Define the eight design components to be included in the governance tool (see above). Clarify issues such as business unit flexibility and alternatives. Identify key decision makers and clarify role alignment between corporate HR and business units and how each influence the governance guidelines and design process. 

Reap the Benefits

Companies that invest the time and effort in sales compensation governance realize a near-term payback in the first year and ongoing returns in subsequent years. Typically, the greatest returns from a governance investment will be seen in the following areas:

  • Better expense control resulting in more predictable and lower compensation costs and compensation cost of sales.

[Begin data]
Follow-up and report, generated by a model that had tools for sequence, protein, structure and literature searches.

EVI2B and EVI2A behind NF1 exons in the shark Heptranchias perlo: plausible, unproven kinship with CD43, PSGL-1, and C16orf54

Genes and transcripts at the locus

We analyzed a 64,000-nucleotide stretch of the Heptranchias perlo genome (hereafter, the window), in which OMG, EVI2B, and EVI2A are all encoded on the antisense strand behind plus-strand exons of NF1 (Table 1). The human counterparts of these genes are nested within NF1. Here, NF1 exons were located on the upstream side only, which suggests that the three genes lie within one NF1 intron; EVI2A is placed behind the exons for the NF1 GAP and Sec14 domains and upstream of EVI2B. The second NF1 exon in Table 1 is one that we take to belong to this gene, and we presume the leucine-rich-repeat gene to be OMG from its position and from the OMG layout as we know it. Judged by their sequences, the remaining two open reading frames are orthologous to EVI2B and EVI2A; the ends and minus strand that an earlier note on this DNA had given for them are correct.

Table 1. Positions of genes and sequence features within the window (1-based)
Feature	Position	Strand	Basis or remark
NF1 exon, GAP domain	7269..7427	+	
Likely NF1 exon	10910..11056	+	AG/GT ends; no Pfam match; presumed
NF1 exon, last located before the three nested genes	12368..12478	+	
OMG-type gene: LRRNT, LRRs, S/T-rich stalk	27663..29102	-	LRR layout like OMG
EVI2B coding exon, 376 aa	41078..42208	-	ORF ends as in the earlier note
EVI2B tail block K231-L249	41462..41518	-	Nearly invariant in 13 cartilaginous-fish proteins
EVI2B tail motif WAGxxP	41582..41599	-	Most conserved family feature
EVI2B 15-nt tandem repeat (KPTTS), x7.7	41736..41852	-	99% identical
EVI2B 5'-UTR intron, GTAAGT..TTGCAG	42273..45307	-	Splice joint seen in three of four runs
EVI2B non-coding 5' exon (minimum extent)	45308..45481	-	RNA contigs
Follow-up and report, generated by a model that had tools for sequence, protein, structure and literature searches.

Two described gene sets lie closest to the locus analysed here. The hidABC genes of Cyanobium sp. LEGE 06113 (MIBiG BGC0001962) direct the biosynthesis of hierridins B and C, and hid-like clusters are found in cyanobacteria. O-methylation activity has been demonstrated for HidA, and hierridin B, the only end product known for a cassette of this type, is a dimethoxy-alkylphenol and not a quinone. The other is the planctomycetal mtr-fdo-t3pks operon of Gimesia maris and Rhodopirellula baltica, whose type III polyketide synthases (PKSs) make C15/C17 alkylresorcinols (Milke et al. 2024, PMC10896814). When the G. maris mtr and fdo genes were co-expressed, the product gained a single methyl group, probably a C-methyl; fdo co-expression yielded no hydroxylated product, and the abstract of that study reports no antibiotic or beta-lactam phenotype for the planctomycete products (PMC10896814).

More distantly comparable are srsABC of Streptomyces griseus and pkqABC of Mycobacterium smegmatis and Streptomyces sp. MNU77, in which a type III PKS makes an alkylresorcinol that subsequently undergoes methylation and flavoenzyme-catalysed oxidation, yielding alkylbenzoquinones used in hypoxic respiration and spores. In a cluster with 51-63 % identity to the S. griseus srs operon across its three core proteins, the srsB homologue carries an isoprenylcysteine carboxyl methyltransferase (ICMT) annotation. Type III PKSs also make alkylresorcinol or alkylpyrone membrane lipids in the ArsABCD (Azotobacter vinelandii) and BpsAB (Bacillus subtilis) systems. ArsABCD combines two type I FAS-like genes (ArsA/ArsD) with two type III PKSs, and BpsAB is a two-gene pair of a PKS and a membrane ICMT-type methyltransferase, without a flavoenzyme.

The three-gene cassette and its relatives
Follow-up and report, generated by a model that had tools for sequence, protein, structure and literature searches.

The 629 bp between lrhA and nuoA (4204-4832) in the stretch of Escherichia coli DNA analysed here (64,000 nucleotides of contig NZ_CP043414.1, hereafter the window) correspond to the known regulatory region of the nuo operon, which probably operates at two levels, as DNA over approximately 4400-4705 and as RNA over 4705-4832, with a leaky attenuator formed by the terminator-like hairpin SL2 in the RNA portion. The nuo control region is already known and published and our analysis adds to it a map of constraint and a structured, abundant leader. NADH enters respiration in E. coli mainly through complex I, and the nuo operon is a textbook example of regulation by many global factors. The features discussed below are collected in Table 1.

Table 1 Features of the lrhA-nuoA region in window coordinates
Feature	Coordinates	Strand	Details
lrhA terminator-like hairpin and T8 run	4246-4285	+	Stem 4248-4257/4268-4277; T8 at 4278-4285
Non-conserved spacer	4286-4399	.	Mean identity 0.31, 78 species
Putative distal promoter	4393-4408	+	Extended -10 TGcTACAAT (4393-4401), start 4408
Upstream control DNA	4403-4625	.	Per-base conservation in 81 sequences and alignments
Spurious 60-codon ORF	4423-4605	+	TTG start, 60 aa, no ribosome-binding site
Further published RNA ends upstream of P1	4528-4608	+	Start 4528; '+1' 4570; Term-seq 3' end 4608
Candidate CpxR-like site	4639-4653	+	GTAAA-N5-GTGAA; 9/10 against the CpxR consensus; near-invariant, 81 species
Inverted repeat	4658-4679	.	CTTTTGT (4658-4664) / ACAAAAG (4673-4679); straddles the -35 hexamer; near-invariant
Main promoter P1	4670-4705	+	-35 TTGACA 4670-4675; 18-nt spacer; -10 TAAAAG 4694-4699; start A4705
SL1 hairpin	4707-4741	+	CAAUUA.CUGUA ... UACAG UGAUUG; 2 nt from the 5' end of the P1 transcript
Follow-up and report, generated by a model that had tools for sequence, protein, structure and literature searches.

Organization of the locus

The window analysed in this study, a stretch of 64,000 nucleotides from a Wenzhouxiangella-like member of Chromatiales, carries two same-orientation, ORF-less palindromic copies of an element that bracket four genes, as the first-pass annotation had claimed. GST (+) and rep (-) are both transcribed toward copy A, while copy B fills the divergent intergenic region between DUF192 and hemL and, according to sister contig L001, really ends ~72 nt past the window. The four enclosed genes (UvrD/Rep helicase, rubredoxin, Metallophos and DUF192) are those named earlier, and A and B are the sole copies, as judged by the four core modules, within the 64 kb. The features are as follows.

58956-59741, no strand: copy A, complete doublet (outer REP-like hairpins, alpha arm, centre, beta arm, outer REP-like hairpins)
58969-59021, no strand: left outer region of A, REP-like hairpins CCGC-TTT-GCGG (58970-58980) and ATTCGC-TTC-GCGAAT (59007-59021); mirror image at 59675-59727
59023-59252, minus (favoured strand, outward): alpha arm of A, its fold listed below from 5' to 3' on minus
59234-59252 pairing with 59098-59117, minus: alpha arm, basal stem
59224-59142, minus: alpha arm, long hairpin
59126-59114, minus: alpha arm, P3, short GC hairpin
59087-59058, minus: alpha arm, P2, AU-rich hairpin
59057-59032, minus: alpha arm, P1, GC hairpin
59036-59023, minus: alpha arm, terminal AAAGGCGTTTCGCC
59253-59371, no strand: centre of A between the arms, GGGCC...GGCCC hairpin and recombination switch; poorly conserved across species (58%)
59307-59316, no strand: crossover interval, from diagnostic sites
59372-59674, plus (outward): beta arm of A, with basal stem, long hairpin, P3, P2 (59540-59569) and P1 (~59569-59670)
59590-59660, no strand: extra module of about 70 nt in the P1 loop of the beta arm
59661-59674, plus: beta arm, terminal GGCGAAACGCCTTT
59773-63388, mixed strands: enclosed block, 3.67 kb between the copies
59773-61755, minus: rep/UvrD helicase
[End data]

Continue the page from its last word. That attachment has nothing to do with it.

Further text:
• Improved alignment of jobs and their compensation with company growth objectives to eliminate “directional drag” from opposing company objectives.
  • Increased performance and cost predictability for business planning.
  • Increased performance tracking and metrics that can help monitor business units pay vs. performance correlations.
  • Improved ability to attract and retain the right talent (and stem turnover) through a properly positioned pay program that includes appropriate pay levels and upside earning opportunities.
  • Reduction of legal and regulatory risk from plan non-compliance or unethical behaviors by plan incumbents.

In contrast, simply adjusting payouts or replicating plans used in the industry rarely produces a positive result and often can damage the organization’s performance by creating misalignments between strategy, job roles, and compensation. 

The choice seems clear: sales compensation governance can be the means to direct and motivate the entire organization to work together and out-perform the competition.

To learn what your sales organization needs to do to stay ahead of the curve in 2020 and beyond, watch the on-demand webcast featuring Korn Ferry and other industry experts.